[March 21, 2020] Sabbatical update: For obvious reasons, I am home, and not in Africa. Thanks to my wife who booked my return journey from Windhoek to Boston. Stay tuned for a return to normalcy. Meanwhile, #QuarantineLife.

Wednesday, May 22, 2019

Human life, human rights are the losers in unraveling Chevron-Ecuador litigation

Crude contaminates an open toxic pool in the the Ecuadorean Amazon
rainforest near Lago Agrio.  Photo by Caroline Bennett / Rainforest
Action Network, CC BY-NC 2.0.
[UPDATE, May 24, 2019: SDNY Judge Kaplan yesterday held Donziger in civil contempt.  Read more from Michael I. Krauss at Forbes.]
 
Court rulings are stacking up against the plaintiffs in the global Chevron-Ecuador litigation.  About a month ago, the Dutch Supreme Court, affirming arbitral orders, refused enforcement of the $9.5bn judgment that Ecuadorean courts entered against Chevron, successor to Texaco, for oil pollution at Lago Agrio, feeding into the Amazon River (e.g., AP).  Plaintiffs’ appeals have fared poorly since Canadian courts rejected enforcement earlier in April (e.g., Reuters), piling on adverse outcomes in the United States, Brazil, and Argentina.

Now an opinion headline in Oakland News Now—if atop a column authored by a self-professed “influencer” who decidedly favors Chevron—trumpets that plaintiffs’ attorney “Steven Donziger, … Once The Toast Of Hollywood, Is Now Simply Toast.”  Notwithstanding that dry, I mean wry, assessment, it is true that Donziger was ordered in March 2018 to reimburse Chevron for more than $800,000 in legal fees as part of equitable relief in a private RICO action in the Second Circuit, and subsequently he was pressed to defend his bar license.  He maintains that he and his allies are being victimized in a political-hit orchestrated by Big Oil.

If you’re new to the Chevron-Ecuador case, beware the rabbit hole.  It’s almost impossible to summarize how we’ve come to this point in the course of a quarter century.  The quickly dated 2015 book Law of the Jungle by Paul M. Barrett is still an excellent and objective port of entry (Amazon).  (My co-instructor/spouse and I plan to assign it in our comparative law class in the fall semester.)  You also can read about the case through the columns of George Mason Law Professor Michael I. Krauss at Forbes; he’s followed developments closely over the years.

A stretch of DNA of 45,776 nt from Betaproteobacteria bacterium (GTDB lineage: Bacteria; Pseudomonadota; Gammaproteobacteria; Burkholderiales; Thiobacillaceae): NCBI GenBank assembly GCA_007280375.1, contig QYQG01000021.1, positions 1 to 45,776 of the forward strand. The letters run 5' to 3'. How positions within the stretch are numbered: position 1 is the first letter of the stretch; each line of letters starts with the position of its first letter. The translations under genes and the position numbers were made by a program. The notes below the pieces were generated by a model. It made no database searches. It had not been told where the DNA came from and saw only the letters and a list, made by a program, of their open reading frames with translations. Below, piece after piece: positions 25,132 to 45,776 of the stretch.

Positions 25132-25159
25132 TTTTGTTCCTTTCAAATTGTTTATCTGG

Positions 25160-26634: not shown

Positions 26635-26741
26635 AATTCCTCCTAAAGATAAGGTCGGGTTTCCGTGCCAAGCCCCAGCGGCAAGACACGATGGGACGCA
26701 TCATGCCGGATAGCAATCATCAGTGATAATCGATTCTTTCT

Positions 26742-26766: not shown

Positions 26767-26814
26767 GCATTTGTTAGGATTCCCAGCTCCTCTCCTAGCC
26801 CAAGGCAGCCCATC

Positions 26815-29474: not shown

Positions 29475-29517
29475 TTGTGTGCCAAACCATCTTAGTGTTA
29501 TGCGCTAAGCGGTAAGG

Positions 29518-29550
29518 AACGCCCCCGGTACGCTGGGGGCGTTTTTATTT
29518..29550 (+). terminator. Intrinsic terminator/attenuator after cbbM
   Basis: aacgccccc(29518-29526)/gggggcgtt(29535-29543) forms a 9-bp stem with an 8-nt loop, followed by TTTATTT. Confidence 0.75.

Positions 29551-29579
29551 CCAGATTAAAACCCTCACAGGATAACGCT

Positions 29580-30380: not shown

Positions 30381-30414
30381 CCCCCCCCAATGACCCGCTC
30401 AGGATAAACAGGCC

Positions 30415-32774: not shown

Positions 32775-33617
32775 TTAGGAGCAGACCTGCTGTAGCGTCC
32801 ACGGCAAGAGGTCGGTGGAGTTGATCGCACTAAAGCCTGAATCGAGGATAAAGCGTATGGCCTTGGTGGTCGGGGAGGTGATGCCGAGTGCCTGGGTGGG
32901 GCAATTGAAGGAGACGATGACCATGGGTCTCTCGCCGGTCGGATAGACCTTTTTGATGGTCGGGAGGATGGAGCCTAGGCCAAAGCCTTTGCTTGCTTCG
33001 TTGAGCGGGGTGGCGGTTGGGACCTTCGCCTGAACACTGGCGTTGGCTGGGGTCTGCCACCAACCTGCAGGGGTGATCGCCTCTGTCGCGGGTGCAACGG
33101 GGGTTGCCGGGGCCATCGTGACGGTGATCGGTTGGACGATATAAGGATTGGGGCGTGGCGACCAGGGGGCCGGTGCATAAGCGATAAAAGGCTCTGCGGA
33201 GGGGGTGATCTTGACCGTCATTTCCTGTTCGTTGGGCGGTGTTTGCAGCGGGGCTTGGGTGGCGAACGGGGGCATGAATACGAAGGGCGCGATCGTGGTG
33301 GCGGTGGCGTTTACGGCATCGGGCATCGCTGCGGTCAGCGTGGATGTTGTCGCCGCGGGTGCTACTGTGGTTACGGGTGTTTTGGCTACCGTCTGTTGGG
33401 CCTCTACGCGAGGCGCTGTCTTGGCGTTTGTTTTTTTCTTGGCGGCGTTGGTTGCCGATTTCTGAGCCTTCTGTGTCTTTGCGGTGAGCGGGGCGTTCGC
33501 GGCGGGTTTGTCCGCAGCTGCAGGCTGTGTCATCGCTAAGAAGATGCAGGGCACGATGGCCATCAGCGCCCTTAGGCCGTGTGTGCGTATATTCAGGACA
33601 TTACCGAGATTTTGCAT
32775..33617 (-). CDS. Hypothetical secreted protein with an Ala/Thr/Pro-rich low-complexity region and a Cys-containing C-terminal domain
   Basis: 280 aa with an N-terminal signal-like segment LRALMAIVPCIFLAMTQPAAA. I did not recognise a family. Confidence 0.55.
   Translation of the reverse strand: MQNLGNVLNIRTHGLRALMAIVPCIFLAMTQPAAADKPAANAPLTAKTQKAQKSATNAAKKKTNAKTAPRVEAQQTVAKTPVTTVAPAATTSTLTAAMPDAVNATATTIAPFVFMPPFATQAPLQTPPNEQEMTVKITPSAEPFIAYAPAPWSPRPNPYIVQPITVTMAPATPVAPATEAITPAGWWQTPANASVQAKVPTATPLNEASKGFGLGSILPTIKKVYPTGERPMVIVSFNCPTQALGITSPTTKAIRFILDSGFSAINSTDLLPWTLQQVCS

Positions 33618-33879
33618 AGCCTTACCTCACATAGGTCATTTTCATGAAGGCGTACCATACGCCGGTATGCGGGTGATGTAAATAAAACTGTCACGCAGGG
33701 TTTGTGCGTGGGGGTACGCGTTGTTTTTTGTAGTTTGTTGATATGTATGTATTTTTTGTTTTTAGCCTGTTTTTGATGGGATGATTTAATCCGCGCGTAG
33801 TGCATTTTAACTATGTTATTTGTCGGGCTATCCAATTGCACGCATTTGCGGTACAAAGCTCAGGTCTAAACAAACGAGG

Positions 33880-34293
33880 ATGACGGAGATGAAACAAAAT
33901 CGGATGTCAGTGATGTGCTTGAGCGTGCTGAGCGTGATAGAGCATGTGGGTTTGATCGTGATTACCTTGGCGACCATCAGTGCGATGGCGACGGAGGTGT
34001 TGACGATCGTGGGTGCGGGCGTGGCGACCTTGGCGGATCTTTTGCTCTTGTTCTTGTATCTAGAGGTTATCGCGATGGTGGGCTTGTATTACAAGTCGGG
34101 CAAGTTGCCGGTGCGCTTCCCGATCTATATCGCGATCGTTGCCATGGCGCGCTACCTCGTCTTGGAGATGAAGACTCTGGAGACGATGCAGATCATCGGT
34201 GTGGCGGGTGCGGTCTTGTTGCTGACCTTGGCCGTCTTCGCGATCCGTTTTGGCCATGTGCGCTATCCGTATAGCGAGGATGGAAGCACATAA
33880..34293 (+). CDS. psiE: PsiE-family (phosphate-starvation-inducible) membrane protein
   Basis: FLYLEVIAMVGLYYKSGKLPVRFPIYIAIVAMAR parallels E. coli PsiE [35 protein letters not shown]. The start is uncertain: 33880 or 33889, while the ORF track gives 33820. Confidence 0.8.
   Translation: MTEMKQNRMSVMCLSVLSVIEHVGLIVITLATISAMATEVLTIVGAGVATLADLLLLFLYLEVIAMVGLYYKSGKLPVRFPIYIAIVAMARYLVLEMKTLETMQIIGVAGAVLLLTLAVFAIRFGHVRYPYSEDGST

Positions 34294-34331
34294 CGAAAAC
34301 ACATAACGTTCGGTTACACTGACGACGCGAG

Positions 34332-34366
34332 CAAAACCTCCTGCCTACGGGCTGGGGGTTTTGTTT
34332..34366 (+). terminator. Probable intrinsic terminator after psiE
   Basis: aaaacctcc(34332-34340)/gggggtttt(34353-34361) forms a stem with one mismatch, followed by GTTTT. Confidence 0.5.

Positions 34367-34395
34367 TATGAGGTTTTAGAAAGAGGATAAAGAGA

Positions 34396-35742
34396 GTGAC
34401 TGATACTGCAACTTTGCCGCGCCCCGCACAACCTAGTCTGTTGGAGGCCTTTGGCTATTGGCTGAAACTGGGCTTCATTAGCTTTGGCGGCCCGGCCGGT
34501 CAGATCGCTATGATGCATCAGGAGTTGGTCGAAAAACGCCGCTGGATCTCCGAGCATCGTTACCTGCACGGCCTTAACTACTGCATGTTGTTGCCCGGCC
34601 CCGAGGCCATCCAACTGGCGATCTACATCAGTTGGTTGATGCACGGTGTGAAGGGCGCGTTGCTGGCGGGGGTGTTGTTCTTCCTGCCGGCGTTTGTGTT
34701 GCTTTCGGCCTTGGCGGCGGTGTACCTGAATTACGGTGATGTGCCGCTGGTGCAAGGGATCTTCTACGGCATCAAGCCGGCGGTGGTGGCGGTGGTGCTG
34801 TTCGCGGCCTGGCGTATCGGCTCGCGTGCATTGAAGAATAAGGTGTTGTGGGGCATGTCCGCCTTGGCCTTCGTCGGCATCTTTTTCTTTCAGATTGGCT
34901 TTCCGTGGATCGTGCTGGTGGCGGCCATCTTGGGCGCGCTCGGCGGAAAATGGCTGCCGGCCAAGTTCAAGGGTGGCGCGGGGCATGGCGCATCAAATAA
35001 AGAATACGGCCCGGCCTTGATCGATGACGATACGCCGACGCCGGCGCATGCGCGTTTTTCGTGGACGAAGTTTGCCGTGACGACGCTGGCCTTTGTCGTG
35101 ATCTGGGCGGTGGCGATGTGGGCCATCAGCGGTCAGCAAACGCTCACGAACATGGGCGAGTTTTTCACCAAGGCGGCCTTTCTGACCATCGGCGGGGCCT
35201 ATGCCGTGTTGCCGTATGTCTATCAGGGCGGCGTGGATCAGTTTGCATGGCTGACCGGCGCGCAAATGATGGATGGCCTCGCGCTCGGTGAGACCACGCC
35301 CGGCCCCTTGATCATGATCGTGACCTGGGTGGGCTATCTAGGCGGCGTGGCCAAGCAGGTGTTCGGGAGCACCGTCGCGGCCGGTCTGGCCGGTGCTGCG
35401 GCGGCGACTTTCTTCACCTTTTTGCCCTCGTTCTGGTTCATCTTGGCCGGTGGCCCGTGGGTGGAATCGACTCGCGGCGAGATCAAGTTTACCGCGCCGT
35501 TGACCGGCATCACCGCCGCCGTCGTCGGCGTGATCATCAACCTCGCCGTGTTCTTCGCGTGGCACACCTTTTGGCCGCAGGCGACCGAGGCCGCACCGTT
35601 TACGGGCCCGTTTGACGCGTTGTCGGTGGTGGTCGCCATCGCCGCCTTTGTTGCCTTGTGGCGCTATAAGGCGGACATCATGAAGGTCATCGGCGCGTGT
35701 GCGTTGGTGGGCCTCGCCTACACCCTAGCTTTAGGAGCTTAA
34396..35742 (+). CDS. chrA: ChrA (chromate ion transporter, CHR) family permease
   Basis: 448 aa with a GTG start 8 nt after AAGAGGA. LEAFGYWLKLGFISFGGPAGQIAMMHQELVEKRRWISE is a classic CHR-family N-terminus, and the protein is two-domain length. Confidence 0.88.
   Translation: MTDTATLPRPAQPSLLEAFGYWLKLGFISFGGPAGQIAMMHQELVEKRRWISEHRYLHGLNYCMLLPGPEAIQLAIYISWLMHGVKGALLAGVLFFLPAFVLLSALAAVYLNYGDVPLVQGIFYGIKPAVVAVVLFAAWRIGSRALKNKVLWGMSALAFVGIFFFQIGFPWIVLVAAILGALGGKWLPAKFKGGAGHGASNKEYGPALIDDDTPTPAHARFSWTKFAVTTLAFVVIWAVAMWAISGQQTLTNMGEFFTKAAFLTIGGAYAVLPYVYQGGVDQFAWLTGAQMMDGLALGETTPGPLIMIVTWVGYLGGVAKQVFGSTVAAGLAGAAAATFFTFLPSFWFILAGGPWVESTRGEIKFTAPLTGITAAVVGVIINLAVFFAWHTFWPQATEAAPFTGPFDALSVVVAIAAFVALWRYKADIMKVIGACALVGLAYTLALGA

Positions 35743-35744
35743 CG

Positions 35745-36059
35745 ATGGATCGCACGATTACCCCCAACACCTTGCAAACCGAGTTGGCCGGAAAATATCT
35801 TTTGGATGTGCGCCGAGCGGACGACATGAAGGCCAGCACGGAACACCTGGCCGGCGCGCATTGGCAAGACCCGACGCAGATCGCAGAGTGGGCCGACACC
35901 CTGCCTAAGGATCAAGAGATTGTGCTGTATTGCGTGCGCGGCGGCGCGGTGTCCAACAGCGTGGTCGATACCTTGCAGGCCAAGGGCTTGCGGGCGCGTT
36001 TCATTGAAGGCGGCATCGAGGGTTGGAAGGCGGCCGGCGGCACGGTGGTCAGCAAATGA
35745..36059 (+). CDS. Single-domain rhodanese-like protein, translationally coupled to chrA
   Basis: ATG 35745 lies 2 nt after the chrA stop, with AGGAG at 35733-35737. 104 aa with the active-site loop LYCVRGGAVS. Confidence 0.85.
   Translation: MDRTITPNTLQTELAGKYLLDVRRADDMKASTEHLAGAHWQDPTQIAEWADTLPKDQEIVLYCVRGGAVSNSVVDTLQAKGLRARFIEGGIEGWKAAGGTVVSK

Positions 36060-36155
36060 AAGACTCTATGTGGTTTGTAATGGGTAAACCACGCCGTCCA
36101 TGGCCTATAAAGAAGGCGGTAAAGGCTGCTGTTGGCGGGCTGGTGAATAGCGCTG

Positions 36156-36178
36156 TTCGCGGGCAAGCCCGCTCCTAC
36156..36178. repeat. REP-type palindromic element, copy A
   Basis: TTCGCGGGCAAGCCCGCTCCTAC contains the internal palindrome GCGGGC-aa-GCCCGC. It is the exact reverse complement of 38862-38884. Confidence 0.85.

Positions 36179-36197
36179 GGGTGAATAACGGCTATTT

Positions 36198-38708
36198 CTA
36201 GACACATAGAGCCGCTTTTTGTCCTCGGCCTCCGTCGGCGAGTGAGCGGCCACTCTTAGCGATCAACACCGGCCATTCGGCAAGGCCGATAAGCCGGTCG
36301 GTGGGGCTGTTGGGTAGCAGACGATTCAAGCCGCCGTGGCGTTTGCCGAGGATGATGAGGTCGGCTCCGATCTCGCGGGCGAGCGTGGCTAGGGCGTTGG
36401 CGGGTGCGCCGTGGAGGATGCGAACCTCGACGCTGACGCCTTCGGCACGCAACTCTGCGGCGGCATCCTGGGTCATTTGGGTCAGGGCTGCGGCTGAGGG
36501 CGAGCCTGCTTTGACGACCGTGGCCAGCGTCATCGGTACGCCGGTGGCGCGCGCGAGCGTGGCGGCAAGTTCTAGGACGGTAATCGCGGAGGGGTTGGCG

In short, there was some awful pollution in remote oil fields in Ecuador, reckless extraction and vacant regulation in the 1970s and 1980s wreaking devastating, long-term, far-reaching, and literally downstream consequences to human life and the environment.  That part is hardly in dispute.  What has been less clear and is hotly contested is whom should be blamed.

Enter the polarizing personality of Donziger, Harvard Law ’91, who, it must be said, is a genius for having designed a new model of global environmental litigation.  He solicited wealthy and famous, like, Sting famous, investors to raise money for the high costs of litigating against transnational Big Oil behemoths in an effort to tame them with the rule of domestic law.  At what point Donziger’s litigation lost the moral high ground—somewhere between the get-go and never—is the subject of much speculation.  However, that corruption was rampant in Ecuadorean courts is beyond dispute, and the role of the lawyer when justice might require, say, cash prepayment of a new “court fee,” raises some thorny questions in ethics and cultural relativism.  What is for sure is that when you start talking about Big Oil as occupying the moral high ground, something already has gone terribly wrong.